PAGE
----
“This will be the first meaningful conversation that we’ve had since the proliferation of graduate transfers has happened nationally,” SEC commissioner Greg Sankey said to the Associated Press. ”I expect our membership to have a pretty meaningful conversation about the right perspective on graduate transfers entering the SEC from outside and then the topic of inter-conference transfers.”

Sankey has promised the topic of graduate transfer rules will be reviewed at the SEC spring meetings, and it will be a bit overdue. Better later than never, right?

Like the early signing period, this is a topic the SEC has found themselves standing in the minority crowd. The SEC has had a complicated relationship to graduate transfers since the NCAA opened the door for graduate transfers in 2006. The conference banned all graduate transfers in 2011 after Ole Miss had added former Oregon quarterback Jeremiah Masoli as a graduate transfer. The Masoli transfer was one scrutinized by the NCAA and critics before officially being cleared following an appeal. In 2014, the ban was lifted, but with provisions in place to ensure SEC schools were not adding graduate transfers with no intention of pursuing a graduate degree.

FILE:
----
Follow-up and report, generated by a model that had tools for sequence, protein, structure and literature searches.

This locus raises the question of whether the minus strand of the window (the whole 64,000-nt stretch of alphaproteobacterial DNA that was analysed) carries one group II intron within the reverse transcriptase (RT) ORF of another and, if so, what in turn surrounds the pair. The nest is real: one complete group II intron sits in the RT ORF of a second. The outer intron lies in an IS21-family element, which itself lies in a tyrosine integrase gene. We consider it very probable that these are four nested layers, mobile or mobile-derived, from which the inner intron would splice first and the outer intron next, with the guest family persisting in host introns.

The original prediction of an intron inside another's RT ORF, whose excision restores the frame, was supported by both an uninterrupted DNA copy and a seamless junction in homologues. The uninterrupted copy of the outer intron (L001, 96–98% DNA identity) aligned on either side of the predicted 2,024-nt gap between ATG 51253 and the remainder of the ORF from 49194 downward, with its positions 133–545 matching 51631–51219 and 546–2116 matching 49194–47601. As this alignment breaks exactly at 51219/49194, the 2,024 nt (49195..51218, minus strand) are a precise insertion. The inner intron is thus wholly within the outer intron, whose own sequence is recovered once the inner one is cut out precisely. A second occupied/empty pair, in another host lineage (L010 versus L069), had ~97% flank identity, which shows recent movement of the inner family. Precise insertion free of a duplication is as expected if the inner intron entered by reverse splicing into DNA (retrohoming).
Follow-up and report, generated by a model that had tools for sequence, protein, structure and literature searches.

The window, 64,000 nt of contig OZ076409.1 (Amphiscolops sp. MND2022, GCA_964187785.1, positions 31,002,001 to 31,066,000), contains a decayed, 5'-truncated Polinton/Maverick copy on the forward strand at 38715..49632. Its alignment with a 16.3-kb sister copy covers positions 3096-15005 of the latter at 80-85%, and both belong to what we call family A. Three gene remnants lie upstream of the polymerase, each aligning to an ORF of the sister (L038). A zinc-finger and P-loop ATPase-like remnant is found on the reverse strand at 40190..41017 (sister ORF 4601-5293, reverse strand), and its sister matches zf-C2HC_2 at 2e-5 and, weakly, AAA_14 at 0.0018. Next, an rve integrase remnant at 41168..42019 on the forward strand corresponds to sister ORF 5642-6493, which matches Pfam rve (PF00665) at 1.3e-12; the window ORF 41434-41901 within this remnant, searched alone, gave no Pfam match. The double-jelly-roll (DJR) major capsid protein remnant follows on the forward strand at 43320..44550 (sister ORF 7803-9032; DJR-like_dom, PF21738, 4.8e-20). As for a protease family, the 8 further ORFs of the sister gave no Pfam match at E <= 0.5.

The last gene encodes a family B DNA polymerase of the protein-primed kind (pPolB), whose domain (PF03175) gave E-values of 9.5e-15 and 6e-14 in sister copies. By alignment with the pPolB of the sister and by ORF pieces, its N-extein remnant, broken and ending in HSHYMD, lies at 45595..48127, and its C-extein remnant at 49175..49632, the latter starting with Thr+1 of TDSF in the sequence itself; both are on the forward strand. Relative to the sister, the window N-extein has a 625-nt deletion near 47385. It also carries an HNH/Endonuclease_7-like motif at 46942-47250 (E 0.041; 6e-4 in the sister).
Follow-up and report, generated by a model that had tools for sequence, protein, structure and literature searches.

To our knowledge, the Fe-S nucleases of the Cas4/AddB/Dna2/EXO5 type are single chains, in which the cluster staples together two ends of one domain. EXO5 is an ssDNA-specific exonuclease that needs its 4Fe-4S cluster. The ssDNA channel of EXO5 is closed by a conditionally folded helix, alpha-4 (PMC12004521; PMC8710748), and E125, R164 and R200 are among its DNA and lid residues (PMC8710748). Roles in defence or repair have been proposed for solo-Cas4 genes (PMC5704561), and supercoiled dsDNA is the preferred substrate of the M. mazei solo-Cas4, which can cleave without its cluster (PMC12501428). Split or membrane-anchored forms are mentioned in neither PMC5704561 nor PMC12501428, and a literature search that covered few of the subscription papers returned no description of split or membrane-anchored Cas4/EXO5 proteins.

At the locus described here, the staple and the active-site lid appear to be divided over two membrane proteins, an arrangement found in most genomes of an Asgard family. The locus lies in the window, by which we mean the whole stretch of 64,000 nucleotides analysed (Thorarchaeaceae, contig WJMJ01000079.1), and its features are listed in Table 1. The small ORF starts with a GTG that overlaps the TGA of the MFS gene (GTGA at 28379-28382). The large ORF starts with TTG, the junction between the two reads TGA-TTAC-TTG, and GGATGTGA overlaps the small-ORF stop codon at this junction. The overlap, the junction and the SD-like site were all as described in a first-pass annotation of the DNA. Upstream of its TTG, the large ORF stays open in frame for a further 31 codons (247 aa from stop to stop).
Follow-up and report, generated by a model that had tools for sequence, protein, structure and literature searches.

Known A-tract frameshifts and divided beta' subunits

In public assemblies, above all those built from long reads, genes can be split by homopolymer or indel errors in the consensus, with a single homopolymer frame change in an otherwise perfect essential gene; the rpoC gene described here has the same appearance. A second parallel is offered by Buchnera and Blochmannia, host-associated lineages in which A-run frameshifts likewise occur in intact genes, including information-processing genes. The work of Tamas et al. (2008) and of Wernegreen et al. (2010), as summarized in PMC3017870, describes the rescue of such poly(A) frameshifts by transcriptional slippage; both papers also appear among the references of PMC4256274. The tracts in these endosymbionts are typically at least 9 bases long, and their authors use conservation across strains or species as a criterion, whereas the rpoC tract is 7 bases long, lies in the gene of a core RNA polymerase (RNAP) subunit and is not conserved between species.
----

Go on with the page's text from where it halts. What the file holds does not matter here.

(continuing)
One person who may be watching this development this week with great interest is likely former Notre Dame quarterback Malik Zaire. Zaire is suspected to be down to deciding whether to transfer to Florida or Texas, and he has already pushed back his decision seemingly to wait and see if the Gators will be an actual option. For that to happen, the SEC will have to amend its graduate transfer policy or allow Florida an exemption.

Florida is unable to add a graduate transfer like Zaire because two previous graduate transfers (former Georgia Tech linebacker Anthony Harrell and former Fordham offensive lineman Mason Halter) failed to meet the academic requirements after transferring to Florida. That put Florida on a three-year ban from adding any graduate transfers through 2018.

But if the SEC is the one lagging behind the competition when it comes to its graduate transfer policies, why would the college football world be watching? That’s easy. If the sEC amends its graduate transfer policies, then makes the conference that already typically dominates in talent acquisition through recruiting has a chance to become even stronger and more desirable. Graduate transfers who may be blocked from enrolling at an SEC school and have been forced to evaluate other options in the Big 12 or Big Ten and so on, could have a chance to transfer to the SEC. For example, Florida could add Zaire to their roster, which leaves Texas hoping Tom Herman really works his QB magic in Austin.